Rating 10.0/10

My summary:

Quite possibly the most influential book I have read to date. The 48 Laws of Power is a thorough discussion of the laws and techniques that powerful people have used over the last 3000+ years to persuade others into doing their bidding. Each law is flushed out with fantastic stories about characters such as Machiavelli, Sun Tzu, Henry Kissinger, and P.T. Barnum. Even if you don’t want to follow these laws, they will be used by others against you daily, so it is important to know what you are up against. Each chapter is a gem, detailing laws such as, Law 1: Never Outshine the Master, Law 28: Enter Action with Boldness, and Law 15: Crush Your Enemy Totally.

Quotes ( I wish I took more, I’ll have to reread this book):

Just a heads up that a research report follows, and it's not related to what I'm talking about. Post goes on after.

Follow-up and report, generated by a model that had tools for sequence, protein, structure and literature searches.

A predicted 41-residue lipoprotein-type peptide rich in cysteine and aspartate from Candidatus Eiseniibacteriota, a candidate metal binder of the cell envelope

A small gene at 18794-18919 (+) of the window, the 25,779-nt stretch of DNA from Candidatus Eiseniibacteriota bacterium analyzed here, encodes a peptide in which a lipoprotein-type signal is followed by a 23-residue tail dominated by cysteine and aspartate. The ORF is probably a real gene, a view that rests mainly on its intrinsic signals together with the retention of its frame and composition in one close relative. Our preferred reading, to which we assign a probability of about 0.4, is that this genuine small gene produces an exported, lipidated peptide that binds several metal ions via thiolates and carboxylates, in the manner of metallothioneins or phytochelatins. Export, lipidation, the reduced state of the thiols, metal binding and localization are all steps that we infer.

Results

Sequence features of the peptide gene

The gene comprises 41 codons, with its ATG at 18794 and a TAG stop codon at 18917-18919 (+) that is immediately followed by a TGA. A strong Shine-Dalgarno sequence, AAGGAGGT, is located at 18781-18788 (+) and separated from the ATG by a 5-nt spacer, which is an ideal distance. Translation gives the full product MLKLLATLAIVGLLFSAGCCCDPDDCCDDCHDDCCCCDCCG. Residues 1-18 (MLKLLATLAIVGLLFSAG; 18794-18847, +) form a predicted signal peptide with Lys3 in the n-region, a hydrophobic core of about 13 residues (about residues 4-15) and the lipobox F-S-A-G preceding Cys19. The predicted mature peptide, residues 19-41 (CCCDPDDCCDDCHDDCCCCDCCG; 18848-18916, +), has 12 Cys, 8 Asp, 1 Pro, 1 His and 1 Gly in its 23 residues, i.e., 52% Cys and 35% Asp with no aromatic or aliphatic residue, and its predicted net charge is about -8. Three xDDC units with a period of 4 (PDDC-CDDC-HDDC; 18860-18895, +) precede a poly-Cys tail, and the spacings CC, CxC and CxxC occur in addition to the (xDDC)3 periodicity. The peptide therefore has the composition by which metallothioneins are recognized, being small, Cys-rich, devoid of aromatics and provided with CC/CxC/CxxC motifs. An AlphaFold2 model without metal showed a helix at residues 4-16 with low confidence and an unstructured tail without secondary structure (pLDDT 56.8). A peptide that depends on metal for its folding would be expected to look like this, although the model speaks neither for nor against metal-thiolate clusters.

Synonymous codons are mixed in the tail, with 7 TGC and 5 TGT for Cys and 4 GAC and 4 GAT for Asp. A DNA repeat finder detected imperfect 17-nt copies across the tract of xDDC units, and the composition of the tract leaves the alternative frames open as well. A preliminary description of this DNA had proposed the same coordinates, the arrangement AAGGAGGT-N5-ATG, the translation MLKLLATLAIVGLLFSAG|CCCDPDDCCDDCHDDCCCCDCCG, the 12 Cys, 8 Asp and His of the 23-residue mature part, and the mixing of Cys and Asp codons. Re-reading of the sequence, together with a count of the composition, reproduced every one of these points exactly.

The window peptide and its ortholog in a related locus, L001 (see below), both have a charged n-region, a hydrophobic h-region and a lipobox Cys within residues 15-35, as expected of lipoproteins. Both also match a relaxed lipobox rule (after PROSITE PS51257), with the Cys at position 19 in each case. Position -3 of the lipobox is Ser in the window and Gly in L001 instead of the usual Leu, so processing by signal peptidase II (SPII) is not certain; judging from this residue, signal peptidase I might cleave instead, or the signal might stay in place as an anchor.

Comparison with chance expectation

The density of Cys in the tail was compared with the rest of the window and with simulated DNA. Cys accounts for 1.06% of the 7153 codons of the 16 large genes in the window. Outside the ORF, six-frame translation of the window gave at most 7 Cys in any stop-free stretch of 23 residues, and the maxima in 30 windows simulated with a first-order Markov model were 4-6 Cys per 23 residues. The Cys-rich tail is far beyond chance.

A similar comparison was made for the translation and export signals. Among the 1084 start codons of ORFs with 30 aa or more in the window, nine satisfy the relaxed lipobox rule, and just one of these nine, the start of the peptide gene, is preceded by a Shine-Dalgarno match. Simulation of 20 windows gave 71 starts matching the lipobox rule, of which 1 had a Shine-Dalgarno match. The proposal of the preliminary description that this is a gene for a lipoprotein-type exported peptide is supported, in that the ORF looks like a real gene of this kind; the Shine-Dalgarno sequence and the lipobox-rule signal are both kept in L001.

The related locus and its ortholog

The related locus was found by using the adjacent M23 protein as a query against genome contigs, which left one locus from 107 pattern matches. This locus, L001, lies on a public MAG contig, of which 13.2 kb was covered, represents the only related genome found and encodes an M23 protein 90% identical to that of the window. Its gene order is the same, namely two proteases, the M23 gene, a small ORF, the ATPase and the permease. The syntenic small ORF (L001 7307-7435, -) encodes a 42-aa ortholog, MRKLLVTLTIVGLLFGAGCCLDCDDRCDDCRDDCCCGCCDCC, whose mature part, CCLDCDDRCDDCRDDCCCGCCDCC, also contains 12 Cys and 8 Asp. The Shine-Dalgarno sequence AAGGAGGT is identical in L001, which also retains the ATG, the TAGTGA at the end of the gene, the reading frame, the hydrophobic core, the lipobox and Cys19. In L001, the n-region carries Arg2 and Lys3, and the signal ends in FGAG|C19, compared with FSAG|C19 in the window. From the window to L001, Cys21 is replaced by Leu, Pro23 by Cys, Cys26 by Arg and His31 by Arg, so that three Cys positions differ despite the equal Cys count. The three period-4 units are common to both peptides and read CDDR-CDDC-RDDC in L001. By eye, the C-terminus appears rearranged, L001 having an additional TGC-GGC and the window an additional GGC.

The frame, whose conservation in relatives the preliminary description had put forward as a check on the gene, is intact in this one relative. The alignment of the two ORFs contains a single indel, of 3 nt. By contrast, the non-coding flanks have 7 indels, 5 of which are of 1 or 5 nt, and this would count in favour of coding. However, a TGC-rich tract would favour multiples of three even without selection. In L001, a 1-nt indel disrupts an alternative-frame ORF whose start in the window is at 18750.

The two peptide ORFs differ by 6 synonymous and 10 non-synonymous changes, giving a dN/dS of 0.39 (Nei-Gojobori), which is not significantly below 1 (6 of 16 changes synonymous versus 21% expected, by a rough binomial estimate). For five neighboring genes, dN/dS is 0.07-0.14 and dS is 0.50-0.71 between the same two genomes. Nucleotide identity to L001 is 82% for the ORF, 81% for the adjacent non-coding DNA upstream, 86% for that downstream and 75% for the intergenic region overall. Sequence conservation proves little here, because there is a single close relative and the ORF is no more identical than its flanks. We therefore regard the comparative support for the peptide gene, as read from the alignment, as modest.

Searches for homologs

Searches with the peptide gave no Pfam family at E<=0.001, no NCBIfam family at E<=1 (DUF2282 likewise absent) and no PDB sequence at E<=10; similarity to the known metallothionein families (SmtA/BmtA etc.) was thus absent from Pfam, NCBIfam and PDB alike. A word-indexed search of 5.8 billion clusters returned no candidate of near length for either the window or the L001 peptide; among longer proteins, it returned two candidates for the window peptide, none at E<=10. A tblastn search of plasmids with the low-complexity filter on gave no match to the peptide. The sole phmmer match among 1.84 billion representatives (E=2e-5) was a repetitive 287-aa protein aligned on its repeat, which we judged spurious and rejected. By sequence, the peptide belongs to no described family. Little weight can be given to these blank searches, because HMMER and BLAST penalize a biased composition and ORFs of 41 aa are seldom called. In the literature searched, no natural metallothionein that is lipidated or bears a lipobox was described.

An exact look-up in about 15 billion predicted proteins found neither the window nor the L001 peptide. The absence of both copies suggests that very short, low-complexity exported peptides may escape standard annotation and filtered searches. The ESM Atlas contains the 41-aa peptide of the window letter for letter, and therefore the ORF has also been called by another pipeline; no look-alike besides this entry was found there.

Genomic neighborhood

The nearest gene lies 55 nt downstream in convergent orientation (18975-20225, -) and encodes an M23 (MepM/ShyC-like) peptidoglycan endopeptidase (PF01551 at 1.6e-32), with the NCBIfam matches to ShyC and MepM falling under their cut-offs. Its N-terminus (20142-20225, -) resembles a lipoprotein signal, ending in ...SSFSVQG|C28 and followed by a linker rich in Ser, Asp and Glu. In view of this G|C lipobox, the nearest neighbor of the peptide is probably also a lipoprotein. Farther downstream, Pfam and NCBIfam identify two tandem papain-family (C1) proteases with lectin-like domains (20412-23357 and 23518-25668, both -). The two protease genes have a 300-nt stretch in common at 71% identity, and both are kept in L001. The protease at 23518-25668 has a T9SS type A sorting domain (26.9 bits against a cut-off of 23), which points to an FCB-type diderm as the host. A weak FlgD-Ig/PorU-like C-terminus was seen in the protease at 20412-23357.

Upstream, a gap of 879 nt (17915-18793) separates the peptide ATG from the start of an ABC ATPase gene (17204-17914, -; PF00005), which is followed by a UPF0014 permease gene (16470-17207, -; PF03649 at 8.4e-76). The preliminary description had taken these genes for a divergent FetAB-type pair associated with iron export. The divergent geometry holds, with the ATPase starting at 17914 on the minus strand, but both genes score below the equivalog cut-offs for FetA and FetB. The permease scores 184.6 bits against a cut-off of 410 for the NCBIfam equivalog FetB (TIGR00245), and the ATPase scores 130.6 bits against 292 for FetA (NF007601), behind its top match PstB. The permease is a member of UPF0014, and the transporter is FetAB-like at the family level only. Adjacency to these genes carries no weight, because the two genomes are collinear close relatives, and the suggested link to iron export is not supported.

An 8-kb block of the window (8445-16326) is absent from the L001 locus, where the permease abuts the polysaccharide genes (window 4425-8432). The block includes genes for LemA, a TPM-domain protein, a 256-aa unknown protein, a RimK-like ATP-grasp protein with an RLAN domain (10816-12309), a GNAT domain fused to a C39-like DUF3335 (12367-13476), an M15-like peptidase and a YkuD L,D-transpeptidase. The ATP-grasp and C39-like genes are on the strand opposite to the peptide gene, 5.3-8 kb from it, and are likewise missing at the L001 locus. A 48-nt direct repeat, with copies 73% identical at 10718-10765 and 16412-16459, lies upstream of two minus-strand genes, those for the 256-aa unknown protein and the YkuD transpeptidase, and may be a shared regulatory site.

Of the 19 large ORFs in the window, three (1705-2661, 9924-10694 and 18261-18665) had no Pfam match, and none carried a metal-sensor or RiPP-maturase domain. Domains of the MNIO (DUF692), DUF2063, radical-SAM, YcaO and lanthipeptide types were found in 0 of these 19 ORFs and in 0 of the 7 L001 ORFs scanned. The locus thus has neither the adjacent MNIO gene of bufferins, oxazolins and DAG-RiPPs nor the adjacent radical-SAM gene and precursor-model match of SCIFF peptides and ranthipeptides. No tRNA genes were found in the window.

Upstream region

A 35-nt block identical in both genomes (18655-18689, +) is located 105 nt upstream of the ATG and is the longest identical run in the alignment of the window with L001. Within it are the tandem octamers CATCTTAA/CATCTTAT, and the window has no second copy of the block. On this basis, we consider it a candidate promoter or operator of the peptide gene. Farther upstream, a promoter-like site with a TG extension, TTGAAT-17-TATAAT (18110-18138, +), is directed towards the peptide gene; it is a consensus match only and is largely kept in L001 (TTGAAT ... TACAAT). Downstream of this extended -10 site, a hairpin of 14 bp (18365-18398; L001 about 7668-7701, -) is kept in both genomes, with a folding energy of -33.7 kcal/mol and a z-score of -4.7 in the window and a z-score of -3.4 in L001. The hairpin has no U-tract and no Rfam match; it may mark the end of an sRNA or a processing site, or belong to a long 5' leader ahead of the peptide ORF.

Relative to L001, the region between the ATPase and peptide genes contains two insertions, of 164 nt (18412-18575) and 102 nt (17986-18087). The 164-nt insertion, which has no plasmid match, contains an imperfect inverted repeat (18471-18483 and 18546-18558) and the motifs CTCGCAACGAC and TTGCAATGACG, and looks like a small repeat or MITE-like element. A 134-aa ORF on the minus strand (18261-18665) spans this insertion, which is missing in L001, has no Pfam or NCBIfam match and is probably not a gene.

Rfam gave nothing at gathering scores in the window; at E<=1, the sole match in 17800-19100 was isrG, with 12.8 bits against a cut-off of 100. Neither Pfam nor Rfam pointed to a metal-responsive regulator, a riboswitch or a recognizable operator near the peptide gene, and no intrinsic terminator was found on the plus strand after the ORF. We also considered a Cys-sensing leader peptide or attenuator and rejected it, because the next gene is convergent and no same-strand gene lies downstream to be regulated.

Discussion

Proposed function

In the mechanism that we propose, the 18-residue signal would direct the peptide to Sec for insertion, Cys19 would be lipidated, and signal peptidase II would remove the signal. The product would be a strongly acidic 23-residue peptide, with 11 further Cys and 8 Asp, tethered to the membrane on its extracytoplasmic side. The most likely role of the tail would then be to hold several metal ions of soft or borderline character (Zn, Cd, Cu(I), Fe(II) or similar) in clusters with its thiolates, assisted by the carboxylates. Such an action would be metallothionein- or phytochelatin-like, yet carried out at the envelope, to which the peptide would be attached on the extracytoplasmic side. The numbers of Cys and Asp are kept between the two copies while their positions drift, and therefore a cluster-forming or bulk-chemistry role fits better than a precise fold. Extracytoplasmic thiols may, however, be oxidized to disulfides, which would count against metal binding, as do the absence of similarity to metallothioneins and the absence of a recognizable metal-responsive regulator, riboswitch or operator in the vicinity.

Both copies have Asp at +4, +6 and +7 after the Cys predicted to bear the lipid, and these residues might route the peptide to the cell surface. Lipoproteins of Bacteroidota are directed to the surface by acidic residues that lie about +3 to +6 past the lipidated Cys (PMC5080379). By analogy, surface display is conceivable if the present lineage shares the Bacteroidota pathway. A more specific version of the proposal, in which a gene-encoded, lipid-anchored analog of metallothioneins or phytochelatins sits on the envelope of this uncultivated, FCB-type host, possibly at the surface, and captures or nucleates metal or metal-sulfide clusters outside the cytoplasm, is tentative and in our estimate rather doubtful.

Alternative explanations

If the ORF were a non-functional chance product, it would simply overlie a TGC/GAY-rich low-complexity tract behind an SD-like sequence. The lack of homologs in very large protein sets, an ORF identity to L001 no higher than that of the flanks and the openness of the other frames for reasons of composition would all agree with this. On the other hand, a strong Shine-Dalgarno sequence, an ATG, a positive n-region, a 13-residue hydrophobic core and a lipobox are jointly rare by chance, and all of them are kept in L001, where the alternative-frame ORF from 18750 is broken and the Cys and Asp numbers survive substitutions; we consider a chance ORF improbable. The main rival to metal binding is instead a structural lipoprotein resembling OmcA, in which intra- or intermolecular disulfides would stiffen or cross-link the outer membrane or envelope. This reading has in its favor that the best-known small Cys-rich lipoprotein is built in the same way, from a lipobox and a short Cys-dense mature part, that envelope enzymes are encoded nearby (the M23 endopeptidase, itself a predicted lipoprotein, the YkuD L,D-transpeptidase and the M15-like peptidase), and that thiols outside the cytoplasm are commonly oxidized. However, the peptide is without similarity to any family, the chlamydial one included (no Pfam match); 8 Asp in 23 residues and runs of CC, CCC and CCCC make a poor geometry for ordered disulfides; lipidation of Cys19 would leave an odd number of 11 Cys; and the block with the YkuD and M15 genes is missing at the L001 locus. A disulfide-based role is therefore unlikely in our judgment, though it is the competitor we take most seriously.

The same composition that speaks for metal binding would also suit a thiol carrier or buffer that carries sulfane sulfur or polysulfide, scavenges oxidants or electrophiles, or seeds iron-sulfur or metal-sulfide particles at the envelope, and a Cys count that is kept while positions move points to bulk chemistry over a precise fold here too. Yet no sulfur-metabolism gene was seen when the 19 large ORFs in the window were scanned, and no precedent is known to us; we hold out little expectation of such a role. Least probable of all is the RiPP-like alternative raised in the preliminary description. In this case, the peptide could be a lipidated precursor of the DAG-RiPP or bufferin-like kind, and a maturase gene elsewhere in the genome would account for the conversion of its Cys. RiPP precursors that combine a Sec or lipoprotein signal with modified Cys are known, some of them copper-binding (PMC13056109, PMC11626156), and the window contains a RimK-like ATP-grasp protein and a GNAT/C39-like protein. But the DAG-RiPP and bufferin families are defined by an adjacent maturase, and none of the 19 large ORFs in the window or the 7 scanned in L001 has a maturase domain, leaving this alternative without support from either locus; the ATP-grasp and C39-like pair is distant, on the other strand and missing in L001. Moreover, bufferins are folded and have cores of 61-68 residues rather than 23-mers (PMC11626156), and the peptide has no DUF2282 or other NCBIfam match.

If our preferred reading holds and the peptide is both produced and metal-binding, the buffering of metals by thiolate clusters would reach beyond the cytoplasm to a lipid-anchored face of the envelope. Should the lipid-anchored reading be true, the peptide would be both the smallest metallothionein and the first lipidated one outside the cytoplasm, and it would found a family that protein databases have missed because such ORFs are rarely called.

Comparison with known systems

It is easier to cope with a bad conscience than with a bad reputation. Friedrich Nietzsche, 1844-1900

The ability to express wonder and amazement, and seem like you mean it, is a rare and dying talent, but one still greatly valued.

Bad luck teaches valuable lessons about patience, timing, and the need to be prepared for the worst; good luck deludes you into the opposite lesson, making you think your brillliance will carry you through.

The first psychological requirement of formlessness is to train yourself to take nothing personally.

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